Top Ten

June 14, 2017

Canada set to spur innovation, research with Global Skills Strategy

Canada’s new Global Skills Strategy will be vital in supporting universities’ efforts to attract and retain top researchers and innovators from around the world, according to a recent Universities Canada release. The new strategy includes a work-permit exemption for foreign faculty and researchers coming to Canadian campuses for academic stays up to a maximum of 120 days. The strategy will also provide an immigration service channel to Canadian universities’ top recruits who come to Canada as holders of federally-funded research chairs. “These measures will make Canadian universities even more attractive to the brightest minds in the world, building universities’ capacity to advance knowledge, foster innovation and build prosperity,” says Universities Canada President Paul Davidson. Universities Canada | Canada

Canada, QC invest $9.6M in postsecondary infrastructure in UQTR, Cégep de Trois-Rivières

The Government of Canada and the Government of Quebec are investing $9.6M in projects at Université du Québec à Trois-Rivières and Cégep de Trois-Rivières. UQTR will allocate part of the funding to the Quebec interuniversity personalized medicine platform, which brings together researchers specializing in molecular biomarkers that support the detection and prevention of cancer and other diseases. Cégep de Trois-Rivières will use the funding to improve the energy efficiency of Innofibre’s pilot-scale plants and to replace windows in the science pavilion. “Our commitment is clear: do everything possible to help our students and professors accomplish great things,” says QC Minister of Higher Education Hélène David. Canada

Equity, excellence are mutually conducive: Ryerson dean

“Excellence and equity are mutually conducive and the sooner we all understand this, the more successful and competitive Canada will be on the world stage,” writes Imogen Coe, Dean of the Faculty of Science at Ryerson University. Responding to a recent editorial by the Globe and Mail’s Margaret Wente, Coe contests the notion that academia operates within a “fair and equal” system, arguing that “surely you know that, like the rest of society, this is a falsehood.” Rather than continuing to insist that academia is a true meritocracy, Coe argues that “we need the privileged to stop being blind to the barriers that exist and we need everyone to have the courage to say the establishment needs to change if Canada is to maintain standard of living and quality of life, for everyone, over the next 150 years.” Medium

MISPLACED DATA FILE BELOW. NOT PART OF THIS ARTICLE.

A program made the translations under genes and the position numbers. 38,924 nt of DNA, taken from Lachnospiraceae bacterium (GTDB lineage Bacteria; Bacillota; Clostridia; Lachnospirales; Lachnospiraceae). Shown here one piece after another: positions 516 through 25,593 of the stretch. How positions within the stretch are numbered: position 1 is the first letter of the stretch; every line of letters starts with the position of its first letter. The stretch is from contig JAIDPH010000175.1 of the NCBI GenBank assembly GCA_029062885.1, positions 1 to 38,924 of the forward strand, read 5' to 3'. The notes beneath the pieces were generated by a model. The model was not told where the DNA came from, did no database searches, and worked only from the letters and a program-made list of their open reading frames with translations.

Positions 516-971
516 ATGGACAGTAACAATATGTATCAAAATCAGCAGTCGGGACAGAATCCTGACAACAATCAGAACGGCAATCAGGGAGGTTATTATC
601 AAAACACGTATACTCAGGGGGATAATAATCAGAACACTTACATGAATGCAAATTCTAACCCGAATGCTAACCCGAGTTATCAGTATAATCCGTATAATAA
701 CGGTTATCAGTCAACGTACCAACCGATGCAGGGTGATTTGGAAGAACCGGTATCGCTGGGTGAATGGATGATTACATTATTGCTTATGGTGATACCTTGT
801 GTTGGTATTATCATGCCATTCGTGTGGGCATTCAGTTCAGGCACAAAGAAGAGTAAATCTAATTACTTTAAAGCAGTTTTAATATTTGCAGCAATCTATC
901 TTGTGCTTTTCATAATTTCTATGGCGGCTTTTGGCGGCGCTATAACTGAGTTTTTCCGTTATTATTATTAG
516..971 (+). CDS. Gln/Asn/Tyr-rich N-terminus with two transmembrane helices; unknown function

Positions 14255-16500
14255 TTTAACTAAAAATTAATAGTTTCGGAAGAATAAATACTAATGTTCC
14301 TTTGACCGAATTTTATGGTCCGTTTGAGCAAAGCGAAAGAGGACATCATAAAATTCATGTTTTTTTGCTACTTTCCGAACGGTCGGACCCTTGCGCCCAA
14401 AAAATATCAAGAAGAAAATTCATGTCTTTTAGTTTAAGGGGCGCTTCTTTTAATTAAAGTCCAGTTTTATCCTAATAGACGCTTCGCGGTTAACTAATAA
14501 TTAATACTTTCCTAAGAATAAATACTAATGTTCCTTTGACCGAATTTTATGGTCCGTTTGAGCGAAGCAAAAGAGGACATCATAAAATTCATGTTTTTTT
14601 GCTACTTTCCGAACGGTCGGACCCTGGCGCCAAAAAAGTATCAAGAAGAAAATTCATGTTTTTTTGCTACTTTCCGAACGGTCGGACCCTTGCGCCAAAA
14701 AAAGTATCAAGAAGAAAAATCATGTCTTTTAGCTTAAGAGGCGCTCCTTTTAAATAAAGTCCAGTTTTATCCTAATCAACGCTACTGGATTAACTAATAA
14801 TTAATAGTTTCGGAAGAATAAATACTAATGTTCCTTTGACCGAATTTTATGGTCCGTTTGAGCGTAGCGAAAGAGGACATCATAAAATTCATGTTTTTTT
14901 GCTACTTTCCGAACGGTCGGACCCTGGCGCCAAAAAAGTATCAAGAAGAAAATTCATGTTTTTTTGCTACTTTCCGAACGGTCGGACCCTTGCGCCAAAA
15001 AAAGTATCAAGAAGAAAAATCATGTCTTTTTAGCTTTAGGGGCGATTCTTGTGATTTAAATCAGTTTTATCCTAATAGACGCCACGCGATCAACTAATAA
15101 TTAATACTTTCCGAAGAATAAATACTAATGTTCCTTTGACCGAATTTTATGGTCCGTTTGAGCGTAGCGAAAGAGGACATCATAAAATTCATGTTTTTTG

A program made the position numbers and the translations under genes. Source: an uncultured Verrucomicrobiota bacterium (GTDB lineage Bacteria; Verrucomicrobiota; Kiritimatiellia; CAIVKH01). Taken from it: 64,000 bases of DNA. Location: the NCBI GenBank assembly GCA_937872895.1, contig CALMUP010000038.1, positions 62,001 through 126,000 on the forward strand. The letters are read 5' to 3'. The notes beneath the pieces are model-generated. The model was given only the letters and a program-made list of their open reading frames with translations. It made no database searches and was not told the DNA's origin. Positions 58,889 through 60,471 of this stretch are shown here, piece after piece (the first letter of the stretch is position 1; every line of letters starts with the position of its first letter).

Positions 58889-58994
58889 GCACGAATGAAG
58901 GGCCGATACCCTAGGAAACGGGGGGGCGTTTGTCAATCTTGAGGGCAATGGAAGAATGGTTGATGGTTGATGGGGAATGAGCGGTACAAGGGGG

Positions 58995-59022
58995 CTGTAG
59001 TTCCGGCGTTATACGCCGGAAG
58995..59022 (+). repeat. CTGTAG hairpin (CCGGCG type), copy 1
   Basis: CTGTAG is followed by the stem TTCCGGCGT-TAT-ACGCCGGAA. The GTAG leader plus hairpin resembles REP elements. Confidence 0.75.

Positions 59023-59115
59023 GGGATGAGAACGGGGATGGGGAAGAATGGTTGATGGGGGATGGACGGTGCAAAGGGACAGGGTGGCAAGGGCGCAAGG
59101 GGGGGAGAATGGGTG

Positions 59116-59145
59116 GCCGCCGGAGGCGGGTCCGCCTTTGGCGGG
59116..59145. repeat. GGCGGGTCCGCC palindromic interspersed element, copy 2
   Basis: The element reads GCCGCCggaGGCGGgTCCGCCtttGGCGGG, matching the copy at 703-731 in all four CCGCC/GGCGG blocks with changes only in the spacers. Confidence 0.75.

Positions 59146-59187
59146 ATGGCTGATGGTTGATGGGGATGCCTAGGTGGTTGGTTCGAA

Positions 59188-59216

UAlberta student's #WorldMosaic campaign receives support from mayors around the world

An anti-Islamophobia campaign created by a University of Alberta student in April 2016 has since spread across Canada and the globe with the support of influential mayors. UAlberta student Jeremiah Ellis first pitched his #WorldMosaic campaign to Edmonton Mayor Don Ivison on the street in April of last year. Two days later, Ivison made a post on social media holding a #WorldMosaic sign and stating “Islamophobia has no place in Edmonton.” Since then, mayors from across Canada have made similar posts, as well as mayors in the United States, Australia, and New Zealand. “Different leaders throughout the world and throughout the country have been supporting the testaments and the fact this idea that diversity is our strength isn’t just a Canadian value,” said Ellis. Edmonton Journal

The unconvincing case for the value of the humanities

“Many humanists have difficulty in presenting their case because they are used to speaking one way among themselves and another way to outsiders,” write Gary Morson and Morton Schapiro for Inside Higher Ed. The authors argue that when humanists speak to the public, they still make claims about the value of great books written by great writers, whereas among one another, they find these ideas to be outdated and naïve. The only remedy to this situation, the authors argue, is for humanists to approach “great literature as a source of wisdom that cannot be obtained, or obtained so well, elsewhere.” The authors conclude that few students will think it worth the effort to read difficult books if those books do not contain some knowledge or perspective that they could not gain otherwise, adding, “if you really want to save the humanities, make sure it is a version worth saving.” Inside Higher Ed